Lesser, 12 - President of Continental Economics, Inc., an economic and litigation consulting firm. Dr. Lesser has almost 30 years of experience in the energy industry working for electric utilities, state government agencies, and as an independent economic consultant. He testified before utility commissions in many U.S. states, before the Federal Energy Regulatory Commission (FERC), before international regulators in Latin America and the Caribbean; in commercial litigation cases; and before state legislative committees on regulatory and policy matters affecting the electric and natural gas industries (Jonathan, “WIND INTERMITTENCY AND THE PRODUCTION TAX CREDIT: A HIGH COST SUBSIDY FOR LOW VALUE POWER” October, http://www.continentalecon.com/publications/cebp/Lesser_PTC_Report_Final_October-2012.pdf)
C. INACCURATE FORECASTS OFWIND GENERATION, SYSTEM RELIABILITY, AND COST
To ensure the lights stay on, power system planners’ ability to predict the amount of wind generation that will be available several days in advance is critical as the amount of wind generation determines how much fossil-fuel back-up generation must be available. Although even wind advocates acknowledge wind’s inherent intermittency they claim wind generation can be predicted accurately several days in advance, allowing system operators to reduce, if not eliminate, the impacts of wind’s volatility. 32 In other words, proponents argue that, because wind generation can be predicted accurately, wind does not impose higher reliability costs than conventional generating resources.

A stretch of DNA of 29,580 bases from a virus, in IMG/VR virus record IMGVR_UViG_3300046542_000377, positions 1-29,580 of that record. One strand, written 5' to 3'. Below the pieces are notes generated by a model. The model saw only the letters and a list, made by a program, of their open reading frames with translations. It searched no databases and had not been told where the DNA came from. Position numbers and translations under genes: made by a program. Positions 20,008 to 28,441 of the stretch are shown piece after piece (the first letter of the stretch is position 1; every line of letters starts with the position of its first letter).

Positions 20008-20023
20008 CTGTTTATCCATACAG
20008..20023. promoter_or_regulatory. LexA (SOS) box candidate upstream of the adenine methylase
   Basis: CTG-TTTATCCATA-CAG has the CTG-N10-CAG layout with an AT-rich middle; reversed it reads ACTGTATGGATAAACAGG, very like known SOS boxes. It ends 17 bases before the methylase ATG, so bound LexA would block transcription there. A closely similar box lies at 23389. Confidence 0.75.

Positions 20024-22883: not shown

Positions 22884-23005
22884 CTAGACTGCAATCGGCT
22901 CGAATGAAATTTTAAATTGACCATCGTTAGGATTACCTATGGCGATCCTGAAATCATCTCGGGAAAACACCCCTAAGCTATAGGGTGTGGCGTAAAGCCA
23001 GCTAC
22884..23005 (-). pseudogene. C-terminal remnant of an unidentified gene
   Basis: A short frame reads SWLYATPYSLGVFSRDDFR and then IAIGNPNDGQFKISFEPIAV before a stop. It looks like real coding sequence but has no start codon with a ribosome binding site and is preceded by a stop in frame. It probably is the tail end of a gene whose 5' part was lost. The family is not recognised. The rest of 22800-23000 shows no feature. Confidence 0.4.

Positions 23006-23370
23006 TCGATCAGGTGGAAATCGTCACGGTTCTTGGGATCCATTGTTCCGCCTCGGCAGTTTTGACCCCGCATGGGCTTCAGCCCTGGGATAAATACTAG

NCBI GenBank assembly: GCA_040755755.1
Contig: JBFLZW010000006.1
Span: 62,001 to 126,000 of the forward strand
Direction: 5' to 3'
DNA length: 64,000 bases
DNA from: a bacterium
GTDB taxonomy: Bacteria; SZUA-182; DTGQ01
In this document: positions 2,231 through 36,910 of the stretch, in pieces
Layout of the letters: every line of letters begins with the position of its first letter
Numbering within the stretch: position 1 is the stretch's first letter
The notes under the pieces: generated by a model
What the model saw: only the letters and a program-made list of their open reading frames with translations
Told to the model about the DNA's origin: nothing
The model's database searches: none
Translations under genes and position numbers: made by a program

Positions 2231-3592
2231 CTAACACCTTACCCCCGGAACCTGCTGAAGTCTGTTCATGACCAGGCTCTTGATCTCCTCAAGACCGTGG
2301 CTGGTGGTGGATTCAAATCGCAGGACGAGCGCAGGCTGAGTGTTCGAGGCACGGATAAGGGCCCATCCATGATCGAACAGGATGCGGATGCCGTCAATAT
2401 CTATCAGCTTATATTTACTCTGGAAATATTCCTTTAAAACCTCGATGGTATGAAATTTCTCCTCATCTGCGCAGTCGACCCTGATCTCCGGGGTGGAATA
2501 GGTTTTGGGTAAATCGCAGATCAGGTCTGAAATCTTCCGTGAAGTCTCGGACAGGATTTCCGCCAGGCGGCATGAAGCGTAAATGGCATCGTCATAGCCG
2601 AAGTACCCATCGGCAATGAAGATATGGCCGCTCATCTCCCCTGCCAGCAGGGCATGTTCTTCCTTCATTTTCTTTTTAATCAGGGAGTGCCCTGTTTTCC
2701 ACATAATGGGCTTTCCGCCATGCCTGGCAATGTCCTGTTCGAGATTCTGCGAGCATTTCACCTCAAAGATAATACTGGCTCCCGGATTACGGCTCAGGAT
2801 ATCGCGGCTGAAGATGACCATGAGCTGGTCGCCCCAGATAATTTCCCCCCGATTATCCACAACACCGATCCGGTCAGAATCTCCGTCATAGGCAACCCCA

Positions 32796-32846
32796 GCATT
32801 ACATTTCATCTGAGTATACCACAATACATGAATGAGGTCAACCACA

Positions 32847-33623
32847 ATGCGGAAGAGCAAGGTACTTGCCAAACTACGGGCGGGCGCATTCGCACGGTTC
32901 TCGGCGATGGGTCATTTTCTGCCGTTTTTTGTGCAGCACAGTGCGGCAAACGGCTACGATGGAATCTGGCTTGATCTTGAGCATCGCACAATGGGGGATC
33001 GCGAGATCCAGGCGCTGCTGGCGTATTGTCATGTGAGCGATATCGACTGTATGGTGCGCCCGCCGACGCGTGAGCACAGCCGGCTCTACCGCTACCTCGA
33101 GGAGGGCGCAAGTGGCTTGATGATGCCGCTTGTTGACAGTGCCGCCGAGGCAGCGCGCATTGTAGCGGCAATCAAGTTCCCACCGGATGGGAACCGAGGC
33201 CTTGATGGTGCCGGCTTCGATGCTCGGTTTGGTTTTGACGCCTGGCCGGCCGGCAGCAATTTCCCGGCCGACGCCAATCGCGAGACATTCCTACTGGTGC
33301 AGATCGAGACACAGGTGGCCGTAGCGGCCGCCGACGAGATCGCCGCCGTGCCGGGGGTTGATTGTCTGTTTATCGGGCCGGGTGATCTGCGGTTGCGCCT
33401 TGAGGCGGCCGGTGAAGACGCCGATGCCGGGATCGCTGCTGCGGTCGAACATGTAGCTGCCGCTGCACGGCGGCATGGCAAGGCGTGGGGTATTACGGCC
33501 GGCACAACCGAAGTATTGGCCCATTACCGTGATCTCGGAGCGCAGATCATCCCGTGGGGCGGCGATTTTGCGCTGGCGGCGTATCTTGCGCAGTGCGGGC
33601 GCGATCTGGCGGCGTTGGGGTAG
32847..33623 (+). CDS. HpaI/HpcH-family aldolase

Notably, however, forecast and operational data in areas including ERCOT, as well as in European countries, 33 do not support such forecast accuracy claims. In addition, wind’s volatility can be significant. For example, on October 28, 2011, wind generation decreased in MISO by 2,700 MW in just two hours. In ERCOT, on December 30, 2011, wind generation decreased 2,079 MW in one hour and over 6,100 MW between 6AM and 4PM that day. 34
Moreover, even substantially reducing the capacity factor for wind generation, as done in ERCOT, MISO, and PJM, does not compensate for the significant forecast accuracy problem. Capacity de-rating addresses long-term planning issues: how much installed capacity must an electric system have one year from now to ensure there are sufficient reserves to meet future peak demand. In contrast, short-term planning issues are focused on the availability of generating resources over the next several days, specifically how much electricity these resources will provide to the power grid. Determinations that wind availability averages about 30% each year are meaningless in this context. As Forbes, et al. stated in their April 2012 study, “Capacity weighting is a distortion because the reported error understates the magnitude of the forecasting challenge.” 35
In ERCOT, for example, the Texas Reliability Entity measures the difference between the actual and scheduled levels of generation. This measure, called “Schedule Control Performance Standard 2” (SCPS2), measures how closely a generator that is scheduling power keeps to its predicted schedule. 36 To meet this standard, the SCPS2 score must be 90% or higher. In their 2012 study, however, Forbes, et al. determined, “During the month of March 2009, 35 out of 36 Non-Wind Only Qualified Scheduling Entities (QSEs) satisfied the reliability standard. None of the 30 Wind Only QSEs met the standard. This is not an isolated case.” 37
Furthermore, the demonstrated inaccuracy of short-term forecasts of wind generation increases the overall cost of meeting electric demand as system planners must reimburse other generators who had been scheduled to operate,
but were not needed because actual wind generation was greater than forecast, or had not been scheduled, but were required to operate because actual wind generation was less than forecast. Although generators can be penalized for erroneous forecasts, most of the resulting system costs are socialized across all users.